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P-11.76 Review of efficacy and short term safety of sodium-glucose cotransporter 2 (SGLT2) inhibitors use in diabetic renal transplant recipients

Fatima AlKindi, United Arab Emirates

Internal Medicine
Tawam Hospital- SEHA


Review of efficacy and short term safety of sodium-glucose cotransporter 2 (SGLT2) inhibitors use in diabetic renal transplant recipients

Fatima AlKindi1, Ahmad Chaaban2, Mohammed AlHakim2, Qutaiba Hussain2, Yousef Boobes2.

1Internal Medicine, Tawam Hospital, AlAin, United Arab Emirates; 2Nephrology Department, Tawam Hospital, AlAin, United Arab Emirates

Introduction: Sodium-Glucose Cotransporter 2 (SGLT2) Inhibitors has well established favorable effects on glycemic control, cardiovascular outcomes, renal protection and reduction of all cause of mortality in diabetic patients. However, the side effects of SGLT2 inhibitors might limit it use in renal transplant population and data regarding this is emerging. In this paper we reviewed of the published studies and case series for the outcomes of SGLT2 inhibitors use and it is short term safety in diabetic renal transplant patients.
Method: We reviewed literature for published studies related to use of SGLT2 inhibitor in diabetic renal transplant recipients from March 2014 to March 2020, using (Pubmed and Google Scholar). Clinical characteristics, outcomes of SGLT2 inhibitor use and side effects were studied.
Results: a total of 6 published studies and one case report have been identified. Only one randomized placebo-controlled study on SGLT2inhibitor therapy (empagliflozin) in renal transplant recipients with post-transplant diabetes mellitus was conducted for 24 weeks (n=22 SGLT2i, n-22 placebo). Other studies were either prospective or retrospective. A total of 100 renal transplant recipients received SGLT2 inhibitors as add on medication for diabetic control. Mean age of patients ranged from 53 to 66 years and median duration of renal transplantation was between 2.7 to 9.6 years (5.45 years). Around 50% of renal transplant patients had diabetes mellitus (n= 49) and others had post-transplant new onset diabetes (NODAT) (n=51). Types of SGLT2 inhibitors used were canagliflozin (n=34), dapagliflozin (n=28), and empagliflozin (n=38). The duration of most of studies ranging from 6 months to 1 year which reflect the short term safety and efficacy of such drug. The mean baseline of HbA1c was 8 % with significant reduction to 7.1% at 6 months. There was no reported diabetic ketoacidosis and only one patient had hypoglycemia. Majority of patients started on SGLT2 inhibitors with stable renal function (eGFR more than 60 mL/min/1.73 m2). There was no episodes of rejections, no interaction with immunosuppressant medications and only one patient developed acute kidney injury stage 1.  Weight reduction was significant at 6 months ranged from 1kg to 2.5kg (mean weight at baseline 81.4kg).  There was no major effects on blood pressure. Infectious complications reported were: urinary tract infection (4), cystitis (2), genital yeast infection (1), and cellulitis (1).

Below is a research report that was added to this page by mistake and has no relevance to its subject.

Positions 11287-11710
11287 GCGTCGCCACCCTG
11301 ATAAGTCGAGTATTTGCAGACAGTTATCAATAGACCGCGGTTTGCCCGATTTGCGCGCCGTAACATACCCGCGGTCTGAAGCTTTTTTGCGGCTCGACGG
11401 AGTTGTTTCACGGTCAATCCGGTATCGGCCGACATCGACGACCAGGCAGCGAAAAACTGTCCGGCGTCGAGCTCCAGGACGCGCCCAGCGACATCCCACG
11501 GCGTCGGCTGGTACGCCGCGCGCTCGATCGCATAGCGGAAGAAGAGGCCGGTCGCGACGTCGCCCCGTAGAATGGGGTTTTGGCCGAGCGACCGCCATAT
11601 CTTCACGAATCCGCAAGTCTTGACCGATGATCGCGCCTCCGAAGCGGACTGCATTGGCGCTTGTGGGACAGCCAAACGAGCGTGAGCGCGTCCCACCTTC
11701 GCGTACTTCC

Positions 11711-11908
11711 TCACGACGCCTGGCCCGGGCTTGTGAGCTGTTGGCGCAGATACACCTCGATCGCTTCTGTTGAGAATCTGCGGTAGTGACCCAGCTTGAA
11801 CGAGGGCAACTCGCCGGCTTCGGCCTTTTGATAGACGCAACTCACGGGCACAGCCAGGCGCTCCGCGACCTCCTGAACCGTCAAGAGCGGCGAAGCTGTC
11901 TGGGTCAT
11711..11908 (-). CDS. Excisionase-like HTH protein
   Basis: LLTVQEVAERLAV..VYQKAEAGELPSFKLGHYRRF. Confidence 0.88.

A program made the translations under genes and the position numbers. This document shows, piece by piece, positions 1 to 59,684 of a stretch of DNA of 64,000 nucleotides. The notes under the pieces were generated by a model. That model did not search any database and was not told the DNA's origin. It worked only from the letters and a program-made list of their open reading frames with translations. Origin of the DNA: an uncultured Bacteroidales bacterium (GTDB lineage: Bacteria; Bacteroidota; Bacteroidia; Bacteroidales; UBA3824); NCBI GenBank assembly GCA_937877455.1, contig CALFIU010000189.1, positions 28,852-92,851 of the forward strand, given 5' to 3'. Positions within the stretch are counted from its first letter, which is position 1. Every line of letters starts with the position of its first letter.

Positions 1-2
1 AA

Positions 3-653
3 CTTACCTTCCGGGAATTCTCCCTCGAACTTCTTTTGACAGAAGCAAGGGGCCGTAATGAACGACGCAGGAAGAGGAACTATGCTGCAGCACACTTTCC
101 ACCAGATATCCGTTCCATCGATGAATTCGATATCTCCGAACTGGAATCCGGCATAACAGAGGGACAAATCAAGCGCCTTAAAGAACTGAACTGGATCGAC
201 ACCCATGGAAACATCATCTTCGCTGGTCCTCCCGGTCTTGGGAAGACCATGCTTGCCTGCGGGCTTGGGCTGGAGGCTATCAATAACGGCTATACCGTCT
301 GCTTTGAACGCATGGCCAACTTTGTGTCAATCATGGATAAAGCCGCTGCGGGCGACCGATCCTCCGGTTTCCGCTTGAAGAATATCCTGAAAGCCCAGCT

Conclusion: SGLT2 inhibitors has favorable effects on weight reduction and glycemic control in diabetic renal transplant recipients (DM and NODAT).  The allograft function remained stable, no episodes of rejection or diabetic ketoacidosis were reported. SGLT2 inhibitor use is safe in short term, but large long term randomize control studies are required.


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